Why is IAM important for cybersecurity?

Each component of IAM comes together to build a comprehensive and cohesive system, but why is secure remote access so important for cybersecurity?

Identity brokers are intermediary services that use multiple IDPs to provide access to a variety of services and applications. Identity brokers allow companies to build trust between IDPs and link information from databases to application and service providers. 

Immediately revoke access to compromised profiles or devices

Despite the effectiveness of IAM tools and a zero trust approach in securing company infrastructure, cybersecurity incidents are inevitable. These compromises can occur as a result of unpredictable factors such as human error. In these instances, businesses need to react promptly. Effective access control systems allow organizations to quickly identify compromised profiles and devices and revoke access to them. This limits the amount of damage malicious actors can do and provides the platform for IT teams to close security gaps quickly.

IAM helps maintain high levels of compliance across entire organizations

With personal data privacy becoming an important concern for many users, companies must treat the information they store with the appropriate care. Companies often possess extremely sensitive health, financial, and personal information about their employees. Identity and access management systems allow companies to meet regulatory requirements when accessing and sharing that information.

Automate authentication protocols for an improved employee experience with IAM

While each of the above protocols can help businesses maintain high levels of security for the organization, they can create a significant amount of friction for employees wishing to conduct daily operations. Employees who are required to go through a complex authentication process each time they need to access company infrastructure can become frustrated and disillusioned with these processes. Modern IAM solutions that employ adaptive authentication, SSO and PAM systems to control access can significantly simplify these authentication processes and improve the employee experience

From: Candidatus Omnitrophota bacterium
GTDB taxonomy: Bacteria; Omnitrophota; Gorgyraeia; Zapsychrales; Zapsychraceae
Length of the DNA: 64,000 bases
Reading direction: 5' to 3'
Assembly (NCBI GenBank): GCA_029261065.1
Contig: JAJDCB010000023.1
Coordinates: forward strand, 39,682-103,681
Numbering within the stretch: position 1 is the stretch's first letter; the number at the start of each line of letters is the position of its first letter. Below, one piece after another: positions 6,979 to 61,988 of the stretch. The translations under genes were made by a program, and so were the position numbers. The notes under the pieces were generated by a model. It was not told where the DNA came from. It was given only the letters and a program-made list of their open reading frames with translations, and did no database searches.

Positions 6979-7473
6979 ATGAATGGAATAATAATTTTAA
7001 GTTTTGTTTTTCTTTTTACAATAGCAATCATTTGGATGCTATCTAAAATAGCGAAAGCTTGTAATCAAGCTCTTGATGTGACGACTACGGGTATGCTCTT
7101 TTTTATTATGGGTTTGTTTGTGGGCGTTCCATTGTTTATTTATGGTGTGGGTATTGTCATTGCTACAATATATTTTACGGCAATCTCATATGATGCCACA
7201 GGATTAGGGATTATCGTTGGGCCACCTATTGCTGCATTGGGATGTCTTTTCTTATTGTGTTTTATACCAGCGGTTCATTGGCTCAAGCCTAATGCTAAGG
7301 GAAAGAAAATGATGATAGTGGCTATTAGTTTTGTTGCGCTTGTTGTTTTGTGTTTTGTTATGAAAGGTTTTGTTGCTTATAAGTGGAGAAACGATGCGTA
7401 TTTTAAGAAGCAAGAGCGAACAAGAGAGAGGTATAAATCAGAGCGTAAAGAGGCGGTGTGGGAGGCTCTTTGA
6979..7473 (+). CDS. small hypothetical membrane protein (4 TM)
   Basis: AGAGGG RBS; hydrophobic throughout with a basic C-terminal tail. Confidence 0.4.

Who should employ identity and access management solutions?

IAM systems can be used by any modern business that engages with the digital economy in any way. However, there are specific use cases in which IAM is absolutely critical. 

Companies with sensitive data to protect: Businesses store, share, and analyze a significant amount of information daily. However, this data usually contains sensitive information that is privileged and should only be accessed by authorized members of the organization. IAM solutions allow companies to easily define parameters around which endpoints and users can operate and access information. This helps prevent data breaches by reducing the likelihood of unauthorized users accessing sensitive information. 

Companies embracing hybrid or remote work models: As the hybrid workforce grows,  more employees connect with company assets through unsecured networks or compromised devices—often without knowing it. As such, it’s important for business leaders to use IAM solutions to provide and revoke access using a zero trust approach where appropriate. 

Companies that use multiple systems from numerous service providers: Many companies use services from multiple cloud-based providers, making it difficult for IT teams to manage access to each of them individually. Using an IAM solution from a trusted identity broker allows admins to manage access to each of these services from a single, unified application. 

Citrix solutions for identity and access management

As new work models and increasing digital transformation expand the attack surface for malicious actors, enterprise cybersecurity solutions must evolve to cover every vector through which users access corporate assets. Secure access solutions from Citrix help maintain operational efficiency and effectiveness while adopting a zero trust cybersecurity principle. With Citrix Secure Private Access, businesses can deliver zero trust network access (ZTNA) to corporate apps using SSO and adaptive authentication.